Test prep is not one size fits all. Your students each have different needs. Learn all about differentiating instruction for test prep.
Why You Should Differentiate Test Prep
Students may also learn in different ways. They may have strengths as a visual, auditory, kinesthetic, or reading/writing learner.
Differentiating instruction for test prep can ensure that all students learn and test well.
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Differentiating Instruction for Test Prep: Tips and Tricks
Here are some ways you can differentiate instruction for test prep to reach each student.
Use Various Forms of Assessment
Testing is the easiest form of assessment for teachers. All the students spend a short amount of time taking the same test. You write the test once; you use it many times over.
But not all students do well with traditional tests. Use various forms of assessment.
Other types of assessment include short quizzes, projects, and writing assignments. You can also do oral assessments by asking the student questions.
Remember, the goal of assessment is to gauge where the students are in their understanding of the material. Tests are only one of the ways to do that.
Learn and Review in Chunks
So much of learning is skill-based. You need to master one skill before you can move on to the next. If you don’t learn the first skill, you can’t understand the second.
This is why you should break up major concepts into smaller parts. Break down the skills required and introduce them in mini-lessons.
It’s much easier to eat a large hamburger bite-by-bite than to try to swallow it whole. You need to use the same approach to learning.
Before you introduce a new concept, do a quick review of any foundational concepts. These “Blast from the Past” can help get all students on the same level before you begin a new concept.
Utilize Student-Led Learning
When you let students take the lead, they will often be more enthusiastic about learning.
Let them brainstorm ideas for projects or activities related to their studies. These activities can be a great way to review a subject before a test (or potentially take the place of traditional assessment).
Teach with Different Modes
Everyone learns differently. Some students can learn well through listening to oral instruction.
Others need to see graphics and visual cues.
Still, others need a hands-on approach to learning.
To best meet the needs of every student, customize your instruction to the needs of the learner. You need to say, show, and do in each lesson.
Provide Support Materials
Not everyone can simply “listen and learn.” You should provide support materials to make sure your students have what they need to master the material.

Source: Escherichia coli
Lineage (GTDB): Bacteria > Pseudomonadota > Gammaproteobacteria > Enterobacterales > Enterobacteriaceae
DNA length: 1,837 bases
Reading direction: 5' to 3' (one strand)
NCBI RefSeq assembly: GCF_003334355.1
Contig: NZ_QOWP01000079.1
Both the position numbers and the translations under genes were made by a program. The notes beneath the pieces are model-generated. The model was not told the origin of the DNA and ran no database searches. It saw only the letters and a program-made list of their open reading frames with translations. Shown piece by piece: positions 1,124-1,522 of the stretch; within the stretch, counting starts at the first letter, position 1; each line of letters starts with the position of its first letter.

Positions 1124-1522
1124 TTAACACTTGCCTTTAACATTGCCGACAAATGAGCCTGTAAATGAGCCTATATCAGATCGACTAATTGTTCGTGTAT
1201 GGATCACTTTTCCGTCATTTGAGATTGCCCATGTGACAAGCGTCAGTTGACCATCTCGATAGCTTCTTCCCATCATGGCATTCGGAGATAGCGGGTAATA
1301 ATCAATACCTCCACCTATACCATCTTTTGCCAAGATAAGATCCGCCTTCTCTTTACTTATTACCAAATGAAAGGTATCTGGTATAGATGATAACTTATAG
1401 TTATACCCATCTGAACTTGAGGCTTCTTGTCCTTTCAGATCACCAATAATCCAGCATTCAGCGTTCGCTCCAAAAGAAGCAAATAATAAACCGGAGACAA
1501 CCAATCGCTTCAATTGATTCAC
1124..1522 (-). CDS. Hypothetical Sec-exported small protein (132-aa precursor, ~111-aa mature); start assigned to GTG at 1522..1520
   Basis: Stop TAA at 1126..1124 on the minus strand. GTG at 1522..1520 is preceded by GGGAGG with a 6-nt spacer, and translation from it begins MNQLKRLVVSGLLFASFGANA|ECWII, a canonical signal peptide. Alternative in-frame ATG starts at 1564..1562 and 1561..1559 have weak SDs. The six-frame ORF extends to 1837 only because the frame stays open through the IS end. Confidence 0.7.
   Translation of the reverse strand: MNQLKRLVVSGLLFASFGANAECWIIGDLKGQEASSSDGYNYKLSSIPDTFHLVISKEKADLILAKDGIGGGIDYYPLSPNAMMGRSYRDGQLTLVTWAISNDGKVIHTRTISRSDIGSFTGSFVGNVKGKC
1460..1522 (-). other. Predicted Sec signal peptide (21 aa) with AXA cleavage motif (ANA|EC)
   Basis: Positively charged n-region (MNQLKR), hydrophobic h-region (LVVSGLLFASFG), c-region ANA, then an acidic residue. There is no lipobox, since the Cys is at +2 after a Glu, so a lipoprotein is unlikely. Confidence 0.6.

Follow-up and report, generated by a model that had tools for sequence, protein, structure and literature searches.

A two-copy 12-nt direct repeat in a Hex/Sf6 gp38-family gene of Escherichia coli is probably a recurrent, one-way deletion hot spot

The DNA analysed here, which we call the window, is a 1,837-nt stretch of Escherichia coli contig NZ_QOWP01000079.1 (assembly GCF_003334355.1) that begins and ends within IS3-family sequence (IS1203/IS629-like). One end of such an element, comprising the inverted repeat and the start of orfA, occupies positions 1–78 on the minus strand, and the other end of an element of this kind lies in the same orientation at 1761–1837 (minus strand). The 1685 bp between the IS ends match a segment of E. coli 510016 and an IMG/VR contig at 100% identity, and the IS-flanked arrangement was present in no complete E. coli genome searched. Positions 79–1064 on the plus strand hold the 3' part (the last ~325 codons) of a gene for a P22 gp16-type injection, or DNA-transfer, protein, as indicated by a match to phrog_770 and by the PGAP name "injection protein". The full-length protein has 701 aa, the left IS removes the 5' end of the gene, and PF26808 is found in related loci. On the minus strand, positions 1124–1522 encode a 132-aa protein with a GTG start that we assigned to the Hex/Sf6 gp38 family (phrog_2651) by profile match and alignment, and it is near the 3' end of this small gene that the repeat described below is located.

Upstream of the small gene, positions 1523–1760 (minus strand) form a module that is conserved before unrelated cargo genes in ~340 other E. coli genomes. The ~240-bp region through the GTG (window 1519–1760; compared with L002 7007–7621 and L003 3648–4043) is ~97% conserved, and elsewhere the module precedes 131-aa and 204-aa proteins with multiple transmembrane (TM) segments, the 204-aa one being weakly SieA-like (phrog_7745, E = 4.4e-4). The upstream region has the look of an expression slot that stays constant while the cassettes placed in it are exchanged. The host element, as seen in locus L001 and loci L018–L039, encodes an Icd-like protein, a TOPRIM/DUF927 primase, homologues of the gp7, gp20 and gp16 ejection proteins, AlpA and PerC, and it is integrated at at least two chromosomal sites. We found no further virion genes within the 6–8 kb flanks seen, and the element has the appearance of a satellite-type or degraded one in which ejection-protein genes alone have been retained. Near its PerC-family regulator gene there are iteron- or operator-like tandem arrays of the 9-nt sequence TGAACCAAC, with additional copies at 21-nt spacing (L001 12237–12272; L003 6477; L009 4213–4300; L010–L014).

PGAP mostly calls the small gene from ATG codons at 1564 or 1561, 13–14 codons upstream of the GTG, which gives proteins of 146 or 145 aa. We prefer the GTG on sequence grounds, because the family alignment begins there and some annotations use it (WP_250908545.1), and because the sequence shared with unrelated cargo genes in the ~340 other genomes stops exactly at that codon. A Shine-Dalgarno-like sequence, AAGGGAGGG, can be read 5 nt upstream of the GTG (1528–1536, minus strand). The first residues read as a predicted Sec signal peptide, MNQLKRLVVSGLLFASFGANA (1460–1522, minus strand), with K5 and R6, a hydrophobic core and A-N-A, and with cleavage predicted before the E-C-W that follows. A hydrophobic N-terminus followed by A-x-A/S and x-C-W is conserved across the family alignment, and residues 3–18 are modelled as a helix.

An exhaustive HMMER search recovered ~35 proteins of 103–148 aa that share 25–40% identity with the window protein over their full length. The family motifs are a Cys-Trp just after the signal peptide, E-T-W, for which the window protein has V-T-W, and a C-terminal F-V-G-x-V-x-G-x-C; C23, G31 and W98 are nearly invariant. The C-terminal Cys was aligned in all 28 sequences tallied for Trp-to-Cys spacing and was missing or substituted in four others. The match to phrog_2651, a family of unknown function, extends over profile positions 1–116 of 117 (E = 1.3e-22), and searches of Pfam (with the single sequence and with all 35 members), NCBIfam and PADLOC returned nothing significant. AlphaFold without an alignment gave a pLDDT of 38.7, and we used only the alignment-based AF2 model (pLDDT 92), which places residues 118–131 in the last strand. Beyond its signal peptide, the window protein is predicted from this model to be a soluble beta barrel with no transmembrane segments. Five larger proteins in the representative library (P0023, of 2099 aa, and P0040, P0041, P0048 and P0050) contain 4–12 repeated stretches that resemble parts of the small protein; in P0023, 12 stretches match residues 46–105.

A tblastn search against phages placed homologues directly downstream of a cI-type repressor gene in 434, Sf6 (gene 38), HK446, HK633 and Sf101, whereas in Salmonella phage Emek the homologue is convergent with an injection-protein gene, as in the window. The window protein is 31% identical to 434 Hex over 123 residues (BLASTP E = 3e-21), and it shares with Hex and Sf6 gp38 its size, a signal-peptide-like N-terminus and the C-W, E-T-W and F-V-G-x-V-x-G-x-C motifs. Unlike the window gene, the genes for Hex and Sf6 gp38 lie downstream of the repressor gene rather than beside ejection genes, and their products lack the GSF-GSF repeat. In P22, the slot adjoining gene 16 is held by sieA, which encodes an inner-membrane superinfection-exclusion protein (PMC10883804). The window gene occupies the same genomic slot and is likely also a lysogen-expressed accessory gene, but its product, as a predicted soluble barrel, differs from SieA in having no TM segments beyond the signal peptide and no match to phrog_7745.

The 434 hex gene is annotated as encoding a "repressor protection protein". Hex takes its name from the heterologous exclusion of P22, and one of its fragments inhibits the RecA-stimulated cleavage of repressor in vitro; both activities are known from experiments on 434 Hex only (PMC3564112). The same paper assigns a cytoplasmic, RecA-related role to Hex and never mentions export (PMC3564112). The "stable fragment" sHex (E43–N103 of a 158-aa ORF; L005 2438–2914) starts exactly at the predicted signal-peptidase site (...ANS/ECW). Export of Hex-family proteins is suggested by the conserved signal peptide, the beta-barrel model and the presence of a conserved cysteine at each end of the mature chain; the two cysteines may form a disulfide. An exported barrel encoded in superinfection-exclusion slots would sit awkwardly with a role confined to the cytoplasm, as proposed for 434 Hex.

These supports may include a copy of your lesson notes or slides, summaries of the lesson content, audio recordings, or hand-outs/visual aids (like anchor charts).
This may feel overwhelming, but ask yourself what you can provide.
How easy is it to copy your notes or record a voice memo of your instruction?
Chances are, you need only spend a few minutes generating these much-needed supports.
Vary the Structure of Your Tests
Remember the goal of assessment: to gauge what the student has learned. You want your assessment to do that as accurately as possible.
For example, by assigning short-answer or essay tests to a student with dysgraphia, you are stacking the deck against them.
Vary the structure of your tests. You can choose from open-ended writing assignments, short answers, oral Q&As, multiple-choice, true/false, or matching.
Or move away from tests; you can also use projects as an assessment tool.
You may need to tailor the type of assessment to the individual.
Use Technology for Test Prep
Not only do students love screen time, educational websites and apps have an added benefit.
Computers and tablets have speech-to-text or text-to-speech technology, thereby providing accommodations to students with dyslexia and/or dysgraphia.
Electronic learning games are also engaging for students with ADHD.
These educational websites and apps offer a fun alternative for students who are less interested in traditional modes of test prep.
How to Differentiate Instruction for Test Prep
At a buffet, everyone can find something they like to eat and fill up. The same is true for the best way to test prep.
Use a variety of teaching modes, provide a variety of resources, and use a variety of assessment tools (even vary your tests). By offering a feast of options, you can cater to the needs of every student.